Cultural Context

Cummerbund*** Cummerbund*** Cummerbund***

A woman with an extremely tiny waist wore the mourning outfit. The bodice, which pairs with the cummerbund, measures only twenty inches around the waist, while the cummerbund is a mere twenty-eight inches. If this bodice were sold in stores today, it would be in the XXS section, which is nonexistent in most stores (“Out There Clothing”). In other words, a shopper would have to venture into the children/tween’s section for a size that petite. The cummerbund, at least three sizes larger than the bodice, could be found in the women’s medium section. Marla Day, the curator of the Historic Costume and Textile Museum at Kansas State University, struggled to find a mannequin that could wear the entire outfit and had to settle with dressing a modern-sized mannequin in only the cummerbund.

Mourning outfits, or widow’s weeds—an expression designating a woman dressing in black clothing, were made of crepe, wool, silk, cotton, or a blend of these fabrics (Loeffel-Atkins 21). However, the most popular material was crepe. The term “weeds” comes from the garments becoming a rusty color with age (Loeffel-Atkins 21). The cummerbund is comprised of two different overlapping materials. The center diamond shape is made of black mourning crepe, or silk crepe. Its texture looks like crepe paper that people use to decorate a child’s birthday party. Silk crepe is a very lightweight material and thus perfect for layering. It is made with “tightly twisted weft yarns, or filling, running in reverse directions from left to right” (“Silk de Crepe”). Within the diamond there are three vertical lines created by ruched folds. Although not perfectly straight, the folds create an added flair to the piece that is just simple enough not to draw too much attention. 

The rest of the cummerbund is made of silk taffeta. This material is used for the bands surrounding the center as well as for the knotted work that outlines the diamond shape. The taffeta constructs two different layers. The top layer slopes toward the middle and connects to three knots surrounding the center, while the middle layer creates the three knots surrounding the top of the center. Compared to the silk crepe, the silk taffeta has a shinier, more lustrous finish (“Silk Taffeta”). Framing the edges of the taffeta pieces are thirty-two French knots, sixteen on each side of the center. The French knots are roughly the size of an eraser tip and spaced an inch to an inch and a half apart. After years of wear, they are slightly coming undone. Like the French knots, the pleating on the taffeta is almost unrecognizable. What once could have been delicate and precise folds now make the garment look like it should visit the dry cleaners to steam out some wrinkles.

The final pieces to this cummerbund are the four pairs of hook and eye clasps on the ends. On the left side rest the black eyes, four evenly spaced along the six-inch wide cummerbund. They sit neatly in ruched lines. On the opposite end and on the underside of the garment are the hooks, also black. The ends of the cummerbund are fraying, which could easily have been caused from normal wear and tear over time.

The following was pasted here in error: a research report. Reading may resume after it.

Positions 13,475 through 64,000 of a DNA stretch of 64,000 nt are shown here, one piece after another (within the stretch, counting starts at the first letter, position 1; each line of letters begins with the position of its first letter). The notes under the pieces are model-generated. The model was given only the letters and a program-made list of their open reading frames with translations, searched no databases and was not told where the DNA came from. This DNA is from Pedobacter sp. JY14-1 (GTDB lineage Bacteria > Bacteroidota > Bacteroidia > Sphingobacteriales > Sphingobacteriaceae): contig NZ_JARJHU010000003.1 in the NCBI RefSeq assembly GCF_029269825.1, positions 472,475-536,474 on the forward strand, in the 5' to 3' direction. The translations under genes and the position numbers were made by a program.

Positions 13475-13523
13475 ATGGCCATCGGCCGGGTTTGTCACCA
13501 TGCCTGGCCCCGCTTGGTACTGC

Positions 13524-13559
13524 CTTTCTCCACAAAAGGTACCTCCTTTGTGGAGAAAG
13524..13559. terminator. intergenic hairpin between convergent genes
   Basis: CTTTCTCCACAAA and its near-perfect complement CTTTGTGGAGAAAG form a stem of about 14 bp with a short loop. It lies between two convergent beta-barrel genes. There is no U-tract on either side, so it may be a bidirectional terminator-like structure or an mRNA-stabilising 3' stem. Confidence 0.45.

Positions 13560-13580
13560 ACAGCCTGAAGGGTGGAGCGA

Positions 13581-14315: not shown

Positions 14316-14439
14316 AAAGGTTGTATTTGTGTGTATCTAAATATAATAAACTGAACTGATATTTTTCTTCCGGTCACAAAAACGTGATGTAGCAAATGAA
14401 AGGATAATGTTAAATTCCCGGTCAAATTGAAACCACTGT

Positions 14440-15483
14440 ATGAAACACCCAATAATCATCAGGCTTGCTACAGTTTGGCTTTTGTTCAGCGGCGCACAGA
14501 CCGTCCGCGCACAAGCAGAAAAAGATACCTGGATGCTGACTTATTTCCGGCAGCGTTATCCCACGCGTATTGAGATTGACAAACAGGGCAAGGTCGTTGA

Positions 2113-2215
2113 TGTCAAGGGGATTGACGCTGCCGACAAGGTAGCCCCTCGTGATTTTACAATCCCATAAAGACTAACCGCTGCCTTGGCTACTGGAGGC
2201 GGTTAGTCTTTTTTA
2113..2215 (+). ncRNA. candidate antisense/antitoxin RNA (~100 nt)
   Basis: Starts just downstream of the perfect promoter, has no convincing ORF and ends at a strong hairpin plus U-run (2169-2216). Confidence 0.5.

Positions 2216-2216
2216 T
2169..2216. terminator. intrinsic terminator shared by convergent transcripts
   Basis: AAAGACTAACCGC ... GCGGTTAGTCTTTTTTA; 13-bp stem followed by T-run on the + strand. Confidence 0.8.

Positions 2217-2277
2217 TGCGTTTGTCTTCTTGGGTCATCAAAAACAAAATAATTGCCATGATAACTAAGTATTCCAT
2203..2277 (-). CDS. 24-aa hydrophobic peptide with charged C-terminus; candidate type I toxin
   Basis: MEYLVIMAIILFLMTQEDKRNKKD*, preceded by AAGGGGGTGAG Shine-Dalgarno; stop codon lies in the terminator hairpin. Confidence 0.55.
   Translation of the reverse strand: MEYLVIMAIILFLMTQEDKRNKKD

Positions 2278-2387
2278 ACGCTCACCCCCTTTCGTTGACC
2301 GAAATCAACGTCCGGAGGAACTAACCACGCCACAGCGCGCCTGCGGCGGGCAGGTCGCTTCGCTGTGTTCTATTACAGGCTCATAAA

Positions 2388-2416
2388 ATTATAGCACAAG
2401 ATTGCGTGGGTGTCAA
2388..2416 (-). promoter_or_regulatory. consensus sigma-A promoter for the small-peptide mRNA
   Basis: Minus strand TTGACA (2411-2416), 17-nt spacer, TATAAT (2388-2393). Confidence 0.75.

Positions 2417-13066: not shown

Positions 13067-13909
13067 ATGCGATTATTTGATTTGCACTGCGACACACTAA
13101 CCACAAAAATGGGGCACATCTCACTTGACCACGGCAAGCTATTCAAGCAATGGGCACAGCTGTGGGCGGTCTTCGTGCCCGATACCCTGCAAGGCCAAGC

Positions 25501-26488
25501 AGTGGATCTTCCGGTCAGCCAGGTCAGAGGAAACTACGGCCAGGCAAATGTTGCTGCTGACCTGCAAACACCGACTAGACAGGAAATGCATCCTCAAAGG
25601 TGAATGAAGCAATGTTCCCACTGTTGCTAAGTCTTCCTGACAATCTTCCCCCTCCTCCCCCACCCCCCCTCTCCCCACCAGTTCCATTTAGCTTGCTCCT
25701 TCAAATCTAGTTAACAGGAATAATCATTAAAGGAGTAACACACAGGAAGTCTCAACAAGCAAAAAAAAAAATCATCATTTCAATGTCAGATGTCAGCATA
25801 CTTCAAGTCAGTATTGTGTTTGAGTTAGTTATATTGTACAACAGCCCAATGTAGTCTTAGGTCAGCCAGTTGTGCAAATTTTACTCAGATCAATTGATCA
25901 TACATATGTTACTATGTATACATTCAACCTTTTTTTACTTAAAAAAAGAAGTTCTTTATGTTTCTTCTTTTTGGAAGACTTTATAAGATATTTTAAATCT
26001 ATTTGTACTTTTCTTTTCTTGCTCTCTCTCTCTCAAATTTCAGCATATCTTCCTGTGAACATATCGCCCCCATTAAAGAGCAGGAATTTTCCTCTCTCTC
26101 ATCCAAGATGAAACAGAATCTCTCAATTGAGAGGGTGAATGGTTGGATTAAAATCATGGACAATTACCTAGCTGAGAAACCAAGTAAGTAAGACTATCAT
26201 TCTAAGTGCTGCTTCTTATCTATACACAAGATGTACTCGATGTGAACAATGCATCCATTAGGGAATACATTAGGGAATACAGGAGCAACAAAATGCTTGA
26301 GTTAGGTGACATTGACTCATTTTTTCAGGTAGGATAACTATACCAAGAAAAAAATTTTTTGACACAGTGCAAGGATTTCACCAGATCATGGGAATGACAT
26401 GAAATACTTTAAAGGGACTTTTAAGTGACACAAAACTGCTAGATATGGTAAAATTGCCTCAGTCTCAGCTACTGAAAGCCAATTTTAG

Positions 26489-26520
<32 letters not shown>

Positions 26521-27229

While the bodice of the mourning outfit is not the focus of this project, it provides insight into the origin of the cummerbund. A tag inside of the bodice indicates that the items were created in Paris by Madame Percheron.

Unfortunately, scouring the web for Madame Percheron did not return any search results. The only conclusive evidence the label provides is that this item was made in Paris. In all likelihood, it was purchased there as well. It would make sense that the mourning outfit would originate from Paris, as mourning culture began across the pond.


In the nineteenth century, death was common. War raged across the world, childbirth was dangerous for women, and babies did not have high survival rate. Victorians were one of the first societies to grasp on to the presentation and act of mourning. Mary Brett claims that “death was not the most tragic event for Victorians, but to die unremembered and not mourned was greatly feared” (17). Families and friends of the deceased would host extravagant funerals and commemorate their lives by creating jewelry of teeth or hair, wreaths, clocks, poetry, portraits, paintings, or anything else they thought could capture the essence of their lost loved ones.

Victorian-era Americans took their cues from England. They copied the images of Queen Victoria, who made the “ritual of mourning fashionable” (Loeffel-Atkins 6). Like the royal Queen, Americans also had loved ones to mourn, and what better way to do that than by expressing their sorrow and grief through art.

The mourning process, for women, lasted for at least three months, yet depending on her emotional ties to the deceased, mourning could span for a duration of several years. For men mourning their wives, the period of mourning was only three months. This shortened period allowed for the husband to return to work.

Mourning did not occur in one fell swoop; it had many stages. “Slowly the widow would go through the mourning stages, from first mourning, second mourning, ordinary mourning and finally light or half mourning” (Loeffel-Atkins 25). As one progressed through the stages, the restrictions lessened and flare could be added to the outfit. In second mourning, the woman could put away the mourning veil and begin donning clothing in colors other than black, such as white cuffs and sleeves. In the final stage of mourning, the widower was “reintroduced into society” and returned to life as usual (Loeffel-Atkins 21).